“Speech is the faculty by which men conceal their thoughts,” the legendary Napoleonic diplomat, Charles Maurice de Talleyrand-Périgord, once observed. In many ways, Philippine President Rodrigo Duterte’s latest visit to China, his fourth in less than three years, illustrated Talleyrand’s reflections on talk. His stopover was filled with cordial rhetoric that concealed simmering tensions in the budding alliance. Richard Heydarian specially for the South China Morning Post.
Though in Beijing to attend the second Belt and Road Forum, the Philippine leader managed to meet both Chinese President Xi Jinping and Premier Li Keqiang.
The two countries signed more than 19 agreements, including investment deals worth US$12 billion that are expected to generate more than 21,000 jobs.
On the South China Sea disputes, however, both sides effectively agreed to disagree with no clear resolution in sight. Despite widespread domestic criticism, Duterte remains undaunted in his pivot to China.
The visit took place against the backdrop of rising domestic pressure on the Philippine president to take a tougher stance on the maritime spats. Over the past few months, an armada of Chinese vessels has surrounded Philippine-occupied land features in the disputed areas.
Chinese paramilitary vessels were also spotted near the Philippine-occupied Loaita and Lankiam Cay Islands. The two sides have also been at loggerheads over the Sandy Cay, a sandbar perched between the Philippine-occupied Thitu Island and Chinese-occupied Subi Reef.
Much to the chagrin of Filipinos, including prominent celebrities, Chinese fishermen also engaged in the mass harvesting of precious clams from the Philippine-claimed Scarborough Shoal.
The disputed land feature has been under de facto Chinese control following a nerve-racking naval stand-off with the Philippines in 2012.
Duterte, however, was adamant in pursuing warmer ties with China, his closest strategic partner and “friend”. For him, diplomacy is the only game in town and, accordingly, prioritising robust economic relations with China trumps all other concerns.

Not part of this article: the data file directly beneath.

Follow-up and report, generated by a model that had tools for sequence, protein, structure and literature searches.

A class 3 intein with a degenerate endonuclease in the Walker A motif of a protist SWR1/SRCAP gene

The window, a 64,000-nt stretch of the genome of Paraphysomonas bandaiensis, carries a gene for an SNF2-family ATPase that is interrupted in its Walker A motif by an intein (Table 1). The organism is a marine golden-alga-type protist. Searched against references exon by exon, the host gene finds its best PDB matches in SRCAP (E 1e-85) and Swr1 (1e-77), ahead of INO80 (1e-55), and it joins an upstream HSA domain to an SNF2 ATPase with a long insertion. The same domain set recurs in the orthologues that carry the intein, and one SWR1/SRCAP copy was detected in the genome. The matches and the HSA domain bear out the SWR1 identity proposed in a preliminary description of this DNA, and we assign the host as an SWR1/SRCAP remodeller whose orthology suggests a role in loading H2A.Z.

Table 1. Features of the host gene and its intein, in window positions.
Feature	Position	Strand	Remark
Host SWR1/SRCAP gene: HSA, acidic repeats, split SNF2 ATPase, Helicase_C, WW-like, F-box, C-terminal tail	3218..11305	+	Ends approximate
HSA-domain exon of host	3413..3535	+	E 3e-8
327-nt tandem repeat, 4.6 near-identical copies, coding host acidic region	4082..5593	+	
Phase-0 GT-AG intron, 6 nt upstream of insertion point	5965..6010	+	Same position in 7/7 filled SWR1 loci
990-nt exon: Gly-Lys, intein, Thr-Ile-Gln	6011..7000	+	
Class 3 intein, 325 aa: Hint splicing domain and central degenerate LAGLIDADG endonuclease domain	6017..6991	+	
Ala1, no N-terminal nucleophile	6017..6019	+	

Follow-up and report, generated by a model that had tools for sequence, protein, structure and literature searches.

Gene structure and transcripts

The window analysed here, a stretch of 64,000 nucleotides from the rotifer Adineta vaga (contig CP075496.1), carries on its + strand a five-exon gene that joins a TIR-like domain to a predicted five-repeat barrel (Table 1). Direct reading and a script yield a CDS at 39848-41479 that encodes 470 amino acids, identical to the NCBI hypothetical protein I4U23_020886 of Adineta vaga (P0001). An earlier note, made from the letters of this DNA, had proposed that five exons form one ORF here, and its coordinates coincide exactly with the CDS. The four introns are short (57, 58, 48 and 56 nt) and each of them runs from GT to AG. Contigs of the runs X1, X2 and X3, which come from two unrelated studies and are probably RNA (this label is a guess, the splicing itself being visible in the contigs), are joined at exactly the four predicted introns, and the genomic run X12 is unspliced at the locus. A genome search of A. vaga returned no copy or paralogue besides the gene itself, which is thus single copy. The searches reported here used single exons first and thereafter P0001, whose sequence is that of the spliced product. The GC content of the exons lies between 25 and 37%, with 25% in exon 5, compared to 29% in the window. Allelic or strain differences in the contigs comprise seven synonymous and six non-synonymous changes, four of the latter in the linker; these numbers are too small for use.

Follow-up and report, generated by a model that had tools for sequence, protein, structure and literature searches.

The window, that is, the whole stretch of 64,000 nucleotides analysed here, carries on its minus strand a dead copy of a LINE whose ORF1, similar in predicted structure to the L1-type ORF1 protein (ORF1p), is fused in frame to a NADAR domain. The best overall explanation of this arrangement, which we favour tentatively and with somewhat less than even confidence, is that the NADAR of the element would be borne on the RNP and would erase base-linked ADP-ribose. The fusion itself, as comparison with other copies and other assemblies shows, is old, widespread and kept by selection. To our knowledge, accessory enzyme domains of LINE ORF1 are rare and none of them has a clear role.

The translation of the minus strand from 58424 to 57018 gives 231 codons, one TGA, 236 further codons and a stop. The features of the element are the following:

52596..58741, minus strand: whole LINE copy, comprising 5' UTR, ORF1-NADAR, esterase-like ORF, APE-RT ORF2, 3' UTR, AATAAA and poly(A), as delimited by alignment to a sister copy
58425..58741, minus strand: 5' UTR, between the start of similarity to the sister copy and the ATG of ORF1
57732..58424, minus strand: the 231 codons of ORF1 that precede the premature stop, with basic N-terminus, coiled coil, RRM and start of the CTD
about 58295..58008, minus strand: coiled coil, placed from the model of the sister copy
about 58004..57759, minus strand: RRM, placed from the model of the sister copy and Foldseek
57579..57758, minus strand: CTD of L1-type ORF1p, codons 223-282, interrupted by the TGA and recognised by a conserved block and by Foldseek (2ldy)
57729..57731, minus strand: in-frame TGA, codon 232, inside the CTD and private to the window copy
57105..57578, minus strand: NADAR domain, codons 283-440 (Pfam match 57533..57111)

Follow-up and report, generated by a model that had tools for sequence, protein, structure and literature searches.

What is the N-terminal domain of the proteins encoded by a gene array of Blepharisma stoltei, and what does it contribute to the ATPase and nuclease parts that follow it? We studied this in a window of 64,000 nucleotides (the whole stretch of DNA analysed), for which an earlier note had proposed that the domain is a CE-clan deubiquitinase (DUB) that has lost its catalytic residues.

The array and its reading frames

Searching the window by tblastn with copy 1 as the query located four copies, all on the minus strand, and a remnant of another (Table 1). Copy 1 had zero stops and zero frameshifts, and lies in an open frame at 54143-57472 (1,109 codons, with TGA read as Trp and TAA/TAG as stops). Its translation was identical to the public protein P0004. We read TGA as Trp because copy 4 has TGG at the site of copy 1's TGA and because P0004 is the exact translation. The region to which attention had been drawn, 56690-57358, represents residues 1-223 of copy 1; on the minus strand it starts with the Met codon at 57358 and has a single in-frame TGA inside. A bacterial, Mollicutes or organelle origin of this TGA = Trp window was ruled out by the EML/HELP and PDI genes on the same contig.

Ironically, the tough-talking president has become the unlikely voice for radical pragmatism vis-à-vis the South China Sea disputes.
As Talleyrand advised, diplomacy is a subtle art of navigating redlines and is negotiable. To him, “[a] diplomat who says ‘yes’ means ‘maybe’, a diplomat who says ‘maybe’ means ‘no’, and a diplomat who says ‘no’ is no diplomat”.
For Duterte, a former provincial mayor catapulted to the centre of Indo-Pacific geopolitics, saying “no” to bilateral relations with China is a non-option. In his view, China is on an ineluctable march towards regional leadership.
Thus, countries such as the Philippines should focus on cooperation rather than confrontation, the Philippine president believes.
To Duterte’s delight, China has also emerged as a primary strategic patron in global forums, including the United Nations. This is especially the case when it comes to the global outcry against his controversial drug war, which has claimed the lives of thousands of suspected drug dealers.
The International Criminal Court is currently investigating Philippine officials for potential crimes against humanity. In the coming years, the international body could proceed with the prosecution of senior officials, including Duterte.